Fishing guide

Guide: How to Protect Manatees for Manatee Awareness Month


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November is not just a month for turkeys.

It is also a month to celebrate the manatee, the marine mammal of the state of Florida.

Manatee Awareness Month began in 1979 when former Florida Governor Bob Graham designated November for manatees, according to SaveTheManatee.org.

And this is happening at a special pivotal moment. Manatee deaths are at an all-time high, according to various reports.

The Florida Fish and Wildlife Conservation Commission announced in mid-November that more than 1,000 manatees died in 2021, a number well above the previous record of 830 deaths reported in 2013.

One of the biggest contributors is famine, according to a Tampa Bay Times report, but human-related boating accidents are also detrimental to a manatee’s survival.

So here are some tips from the FWC on how to protect manatees, not only during Manatee Awareness Month in November, but throughout the year:

Pay attention to the signs

When you are boating, it is important to pay attention to road signs in the water and understand what they mean. There are four typical signs that are visible in manatee protection areas. They are:

  1. Idle zone: This protected area prohibits boats from going faster than necessary to ensure that they do not produce a wake.
  2. Slow speed zone: Boats should be completely out of plane and completely installed and level in the water while moving with minimal wake.
  3. Area closed to motor boats: Prohibited entry to motor boats or those operating with mechanical means of propulsion.
  4. No entry area: As the name suggests, no entry, which means no boating, swimming, wading, fishing or diving activities.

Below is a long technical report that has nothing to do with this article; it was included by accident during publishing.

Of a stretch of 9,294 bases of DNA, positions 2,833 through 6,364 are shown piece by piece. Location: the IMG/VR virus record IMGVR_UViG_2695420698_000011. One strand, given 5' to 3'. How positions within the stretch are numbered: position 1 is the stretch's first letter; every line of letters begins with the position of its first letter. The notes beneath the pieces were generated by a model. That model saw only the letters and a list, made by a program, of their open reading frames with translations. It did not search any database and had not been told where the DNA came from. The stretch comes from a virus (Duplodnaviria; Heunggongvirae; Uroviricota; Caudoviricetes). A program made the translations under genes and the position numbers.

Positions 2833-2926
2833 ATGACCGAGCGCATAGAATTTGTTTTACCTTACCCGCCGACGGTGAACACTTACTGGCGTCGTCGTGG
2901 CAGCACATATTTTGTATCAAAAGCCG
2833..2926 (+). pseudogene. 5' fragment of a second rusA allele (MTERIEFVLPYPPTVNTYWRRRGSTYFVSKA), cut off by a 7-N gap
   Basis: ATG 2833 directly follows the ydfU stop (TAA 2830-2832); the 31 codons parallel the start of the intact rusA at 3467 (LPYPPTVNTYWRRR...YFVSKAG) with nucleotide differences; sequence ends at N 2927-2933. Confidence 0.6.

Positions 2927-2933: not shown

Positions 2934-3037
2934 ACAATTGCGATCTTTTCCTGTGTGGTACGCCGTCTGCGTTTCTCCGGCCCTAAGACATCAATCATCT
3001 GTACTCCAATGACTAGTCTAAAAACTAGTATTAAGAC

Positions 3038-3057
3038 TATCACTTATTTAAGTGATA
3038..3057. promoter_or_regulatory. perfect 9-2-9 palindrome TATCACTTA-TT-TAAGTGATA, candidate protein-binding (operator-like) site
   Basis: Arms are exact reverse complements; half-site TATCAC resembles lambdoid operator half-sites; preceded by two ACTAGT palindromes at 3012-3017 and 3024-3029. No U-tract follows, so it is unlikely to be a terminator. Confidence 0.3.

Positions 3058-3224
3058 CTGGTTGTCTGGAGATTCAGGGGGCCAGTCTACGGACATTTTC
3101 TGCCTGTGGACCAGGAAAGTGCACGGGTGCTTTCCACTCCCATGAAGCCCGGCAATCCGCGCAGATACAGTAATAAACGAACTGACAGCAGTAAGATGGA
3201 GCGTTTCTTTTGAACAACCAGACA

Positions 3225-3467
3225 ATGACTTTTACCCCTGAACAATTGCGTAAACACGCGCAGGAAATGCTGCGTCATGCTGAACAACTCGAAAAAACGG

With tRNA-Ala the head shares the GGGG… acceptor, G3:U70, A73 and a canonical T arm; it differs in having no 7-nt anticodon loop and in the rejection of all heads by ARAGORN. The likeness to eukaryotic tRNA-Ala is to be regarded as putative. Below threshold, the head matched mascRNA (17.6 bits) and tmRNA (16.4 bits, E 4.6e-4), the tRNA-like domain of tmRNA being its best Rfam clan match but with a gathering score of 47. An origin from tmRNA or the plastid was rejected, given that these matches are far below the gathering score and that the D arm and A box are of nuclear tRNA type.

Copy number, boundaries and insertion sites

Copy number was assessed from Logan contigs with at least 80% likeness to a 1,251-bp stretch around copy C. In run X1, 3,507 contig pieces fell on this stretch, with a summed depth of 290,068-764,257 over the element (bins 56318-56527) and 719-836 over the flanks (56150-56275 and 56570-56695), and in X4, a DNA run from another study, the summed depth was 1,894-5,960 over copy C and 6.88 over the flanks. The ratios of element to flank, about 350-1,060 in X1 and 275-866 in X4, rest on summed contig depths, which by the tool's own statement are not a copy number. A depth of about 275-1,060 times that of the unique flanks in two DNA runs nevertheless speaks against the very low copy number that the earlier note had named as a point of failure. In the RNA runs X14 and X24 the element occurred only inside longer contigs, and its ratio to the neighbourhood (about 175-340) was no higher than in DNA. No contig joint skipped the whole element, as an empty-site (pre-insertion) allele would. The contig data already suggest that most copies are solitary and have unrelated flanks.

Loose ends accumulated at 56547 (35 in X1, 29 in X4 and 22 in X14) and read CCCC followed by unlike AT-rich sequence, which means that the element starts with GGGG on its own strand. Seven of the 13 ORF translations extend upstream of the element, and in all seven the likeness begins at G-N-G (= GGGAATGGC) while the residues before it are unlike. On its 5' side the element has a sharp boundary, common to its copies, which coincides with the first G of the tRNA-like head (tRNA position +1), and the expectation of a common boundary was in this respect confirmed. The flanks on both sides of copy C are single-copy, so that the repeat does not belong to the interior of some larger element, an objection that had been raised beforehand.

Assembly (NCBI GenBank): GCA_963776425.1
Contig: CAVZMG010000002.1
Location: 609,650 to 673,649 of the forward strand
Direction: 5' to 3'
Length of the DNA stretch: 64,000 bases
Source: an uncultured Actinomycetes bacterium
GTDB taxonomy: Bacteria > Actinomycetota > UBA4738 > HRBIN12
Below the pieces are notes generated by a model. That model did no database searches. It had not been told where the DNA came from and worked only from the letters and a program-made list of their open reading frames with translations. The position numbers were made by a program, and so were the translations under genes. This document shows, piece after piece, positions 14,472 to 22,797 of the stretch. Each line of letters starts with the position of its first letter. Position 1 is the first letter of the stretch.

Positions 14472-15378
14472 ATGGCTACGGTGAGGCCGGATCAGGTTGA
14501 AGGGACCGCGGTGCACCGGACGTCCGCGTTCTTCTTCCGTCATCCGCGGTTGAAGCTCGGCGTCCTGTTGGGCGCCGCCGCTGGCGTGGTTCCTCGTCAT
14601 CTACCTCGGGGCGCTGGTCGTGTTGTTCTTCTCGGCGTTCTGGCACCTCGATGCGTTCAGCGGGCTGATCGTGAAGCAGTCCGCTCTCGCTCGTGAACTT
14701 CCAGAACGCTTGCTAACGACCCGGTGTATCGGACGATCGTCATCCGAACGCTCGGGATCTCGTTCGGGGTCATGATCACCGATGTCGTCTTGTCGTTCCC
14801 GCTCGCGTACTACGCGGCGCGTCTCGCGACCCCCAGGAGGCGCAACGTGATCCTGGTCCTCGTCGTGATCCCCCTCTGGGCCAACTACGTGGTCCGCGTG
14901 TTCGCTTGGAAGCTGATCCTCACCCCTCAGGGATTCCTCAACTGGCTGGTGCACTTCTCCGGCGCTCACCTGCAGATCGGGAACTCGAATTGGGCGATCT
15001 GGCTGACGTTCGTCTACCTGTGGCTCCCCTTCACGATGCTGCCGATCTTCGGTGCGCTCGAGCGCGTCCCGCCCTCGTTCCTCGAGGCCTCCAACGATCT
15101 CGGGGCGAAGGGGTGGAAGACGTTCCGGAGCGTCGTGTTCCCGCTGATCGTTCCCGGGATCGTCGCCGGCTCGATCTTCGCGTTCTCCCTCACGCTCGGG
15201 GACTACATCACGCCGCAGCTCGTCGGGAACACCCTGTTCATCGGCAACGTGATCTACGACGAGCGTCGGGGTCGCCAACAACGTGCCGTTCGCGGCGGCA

How to see wild manatees

So you are ready for kayaking, paddle boarding, swimming or any other type of aquatic activity in the many spots of Florida. How are you supposed to see manatees in the wild?

The FWC guide says to keep your distance to limit any disturbance. Remember, this is their home. Do not chase, chase, or disturb a manatee and wear polarized sunglasses to help you see them better in the water.

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06/22/21 — A young manatee frolic in a canal in the waters of Terra Ceia. The state of Florida wants to preserve 2,300 acres of environmentally sensitive mangrove swamps and flat forests in Terra Ceia. Tiffany Tompkins ttompkins@bradenton.com

If you get too close, speak quietly and avoid loud noises to avoid disturbance, the FWC guide said.

Also, don’t separate a mother from her calf, and watch out for “whirling” when manatees dive. They make a large “imprint” on the surface of the water, said the FWC guide.

Do not feed

This is a good rule of thumb for any wildlife, but it’s a movement that can put manatees at risk.

Feeding or giving water to wild manatees can “alter their foraging behavior and attract them to areas where they can be injured,” the FWC guide said.

And never touch, remove, or damage tag units, which helps researchers monitor these specific manatees.

Tips for paddlers, snorkelers and divers

Paddlers should exercise caution near seagrass beds, sanctuaries, or the boundaries of refuge areas, as manatees frequent these areas.

The FWC guide advises you to “give manatees space to roam freely in their habitat, paddle to avoid traveling above resting manatees, as manatees must surface to breathe and will jump if you are on their way “.

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A pod of manatees swim in the waters alongside Anna Maria Island’s Rod & Reel Pier in this August 2018 file photo. Tiffany Tompkins ttompkins@bradenton.com

Once surprised, the manatees will flee the area as fast as they can, which could put them in danger.

If you’re diving, switch to snorkeling gear when you’re around manatees, as air bubbles from the snorkel gear can disturb them, the FWC guide said.

Know the seasons

Manatees love warm waters. So if you’re in the Gulf of Mexico during the summer months, there’s a good chance you’ll encounter a manatee or two. In winter, it is less likely. At this time of year, the cooler water sends the manatees to the warmer spring water areas.

The time to spot manatees is April through October in the Gulf, when the water is warmest, according to VisitFlorida.com. From November to March, you will have to go to the springs which keep the water temperature constant all year round.

Other ways to help

Attending shoreline clean-up events, attending boating safety classes in person or online, and properly throwing fishing lines through recycling are all additional ways to protect manatees.

The transparent monofilament line, in particular, can entangle manatees and other marine animals such as sea turtles and birds.

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